Northwest Airlines asked a bankruptcy judge Monday to impose a temporary 19 percent wage cut on its baggage handlers, reservation agents and other ground workers.
If the motion is approved, the savings would amount to $114 million a year, or 60 percent of what the air carrier is seeking in permanent cuts.
The Eagan-based airline also asked the court to approve the temporary pay cut agreements it has reached last week with the unions representing its pilots and flight attendants.
The International Association of Machinists, which represents the 14,400 ground workers, was the lone holdout.
"If Northwest does not obtain prompt labor relief, it will have such low liquidity that any further reduction in revenues or increase in costs could push it into liquidation," Northwest's Chief Executive Doug Steenland said in a court filing.
Northwest earlier had filed a motion asking the court to revoke the labor contract of unions that failed to agree to its required concessions. But if the temporary cuts are approved, the unions will have more time to work out permanent deals. Northwest has asked for a mid-November hearing date.
"It allows the parties to have additional time to reach consensual agreements for permanent cost savings," said Northwest spokesman Bill Mellon.
In a letter to IAM members Monday, Bobby De Pace, president of the union's District 143, characterized the temporary cuts as "unfortunate and regrettable."
"We don't agree with the pay cuts that the company is imposing on our people and we don't agree on how they did it," De Pace said.
If Northwest does not obtain the temporary pay cuts, with permanent cuts soon after, the carrier "faces a grave risk of irreparable harm," it said in a court filing. If it doesn't receive approval of temporary pay cuts, Northwest will proceed with its request to abrogate the unions' contracts.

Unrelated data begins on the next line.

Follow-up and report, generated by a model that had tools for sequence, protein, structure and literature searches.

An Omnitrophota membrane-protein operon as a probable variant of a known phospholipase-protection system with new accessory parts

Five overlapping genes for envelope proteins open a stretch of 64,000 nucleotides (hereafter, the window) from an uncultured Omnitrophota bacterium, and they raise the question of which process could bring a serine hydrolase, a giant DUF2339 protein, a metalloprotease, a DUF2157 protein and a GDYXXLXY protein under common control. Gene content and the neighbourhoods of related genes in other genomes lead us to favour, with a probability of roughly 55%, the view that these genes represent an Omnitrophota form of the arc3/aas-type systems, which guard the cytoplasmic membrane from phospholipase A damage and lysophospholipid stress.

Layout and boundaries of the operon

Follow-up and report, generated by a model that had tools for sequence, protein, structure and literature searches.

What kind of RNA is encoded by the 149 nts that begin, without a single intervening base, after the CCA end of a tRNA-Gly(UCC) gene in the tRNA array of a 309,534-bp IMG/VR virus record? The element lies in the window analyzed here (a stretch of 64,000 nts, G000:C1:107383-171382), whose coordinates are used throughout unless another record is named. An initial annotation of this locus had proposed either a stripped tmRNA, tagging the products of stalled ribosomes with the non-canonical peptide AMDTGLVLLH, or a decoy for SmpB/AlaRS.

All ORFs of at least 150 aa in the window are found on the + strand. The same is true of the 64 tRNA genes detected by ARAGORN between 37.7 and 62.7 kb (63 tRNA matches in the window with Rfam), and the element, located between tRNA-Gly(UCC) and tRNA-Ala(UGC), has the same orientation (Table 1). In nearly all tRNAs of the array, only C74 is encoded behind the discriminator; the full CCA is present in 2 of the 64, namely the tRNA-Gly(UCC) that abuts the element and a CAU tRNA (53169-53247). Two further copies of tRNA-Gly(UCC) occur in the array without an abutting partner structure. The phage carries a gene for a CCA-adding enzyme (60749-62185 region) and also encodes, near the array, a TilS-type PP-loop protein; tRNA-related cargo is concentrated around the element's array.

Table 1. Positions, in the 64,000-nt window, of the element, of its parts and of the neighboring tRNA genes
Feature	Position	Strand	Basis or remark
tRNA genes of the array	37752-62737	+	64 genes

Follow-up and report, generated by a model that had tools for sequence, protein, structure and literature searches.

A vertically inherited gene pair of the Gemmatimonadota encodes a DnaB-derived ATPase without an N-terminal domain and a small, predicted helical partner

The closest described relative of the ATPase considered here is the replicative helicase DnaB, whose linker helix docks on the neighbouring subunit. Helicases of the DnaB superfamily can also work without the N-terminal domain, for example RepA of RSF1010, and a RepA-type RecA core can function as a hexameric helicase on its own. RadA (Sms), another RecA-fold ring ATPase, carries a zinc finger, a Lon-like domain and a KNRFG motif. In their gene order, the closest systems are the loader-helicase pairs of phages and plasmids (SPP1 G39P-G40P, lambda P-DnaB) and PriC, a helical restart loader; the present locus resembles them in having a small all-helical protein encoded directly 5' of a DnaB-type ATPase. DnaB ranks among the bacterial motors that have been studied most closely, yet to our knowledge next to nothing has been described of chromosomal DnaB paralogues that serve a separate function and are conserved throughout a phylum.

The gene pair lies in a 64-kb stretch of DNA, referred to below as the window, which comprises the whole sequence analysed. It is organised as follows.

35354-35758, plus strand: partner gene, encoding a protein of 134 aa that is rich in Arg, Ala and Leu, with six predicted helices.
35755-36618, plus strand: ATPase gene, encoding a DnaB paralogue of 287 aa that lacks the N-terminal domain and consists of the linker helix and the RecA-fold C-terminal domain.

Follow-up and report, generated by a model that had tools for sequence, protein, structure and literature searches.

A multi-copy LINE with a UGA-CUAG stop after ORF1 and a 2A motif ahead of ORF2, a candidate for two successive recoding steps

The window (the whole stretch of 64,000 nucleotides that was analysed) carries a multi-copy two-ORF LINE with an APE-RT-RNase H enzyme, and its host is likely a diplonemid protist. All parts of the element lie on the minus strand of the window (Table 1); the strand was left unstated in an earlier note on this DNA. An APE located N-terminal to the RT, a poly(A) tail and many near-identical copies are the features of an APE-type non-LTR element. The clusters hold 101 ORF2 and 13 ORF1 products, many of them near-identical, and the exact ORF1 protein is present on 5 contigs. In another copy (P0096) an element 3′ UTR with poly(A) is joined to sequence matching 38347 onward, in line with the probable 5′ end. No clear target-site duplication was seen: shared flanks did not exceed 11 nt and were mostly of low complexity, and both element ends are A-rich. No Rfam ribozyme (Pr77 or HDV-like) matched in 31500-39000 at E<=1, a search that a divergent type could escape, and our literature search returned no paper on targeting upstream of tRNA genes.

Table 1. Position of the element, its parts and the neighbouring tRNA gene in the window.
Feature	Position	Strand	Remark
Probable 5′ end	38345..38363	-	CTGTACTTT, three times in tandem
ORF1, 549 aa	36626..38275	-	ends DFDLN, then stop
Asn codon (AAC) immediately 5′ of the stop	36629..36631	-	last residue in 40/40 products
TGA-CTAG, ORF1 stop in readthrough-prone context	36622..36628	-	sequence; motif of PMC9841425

Northwest, which is operating while in bankruptcy, is seeking $1.4 billion in annual labor savings.
The airline's pilots union, the Air Line Pilots Association, agreed to temporary 24 percent pay cuts and other reductions amounting to $215 million a year. That agreement is subject to its members' approval. The Professional Flight Attendants Association agreed to temporary cuts of $117 million, including pay cuts of 21 percent.
A temporary deal was not reached with the IAM in part because the union doesn't agree that the $190 million the airline is seeking in permanent cuts is appropriate. The union is still analyzing that long-term proposal, said Joseph Tiberi, an IAM spokesman.
On average, IAM workers make about $20 per hour, De Pace said. Some clerical workers make as little as $8.56 per hour. For people making low hourly wages, the 19 percent cuts are "excessive," he said. "Our people can't live on 19 percent pay cuts," he said. "You've got people making 10 to 12 bucks an hour; it's very hard to pay their bills."
Northwest is also asking the court to reduce the amount of sick pay to a rate of 75 percent of the prevailing wage, down from 100 percent currently.
"The bottom line is, the company has the right to do this in bankruptcy court," De Pace said. "It's that simple."
He wasn't sure how much more time the union would have to work out a consensual agreement. "If Northwest goes ahead and gets this done, what is the new time line going to be? Will it be one month, two months or three months?"
The intent is to reach negotiated deals with the three largest unions "in the very near future," Mellon said. The carrier has said it must reduce its labor costs to achieve $2.5 billion in overall annual cuts that it is seeking in a restructuring.
Julie Forster can be reached at email@example.com or 651-228-5189.
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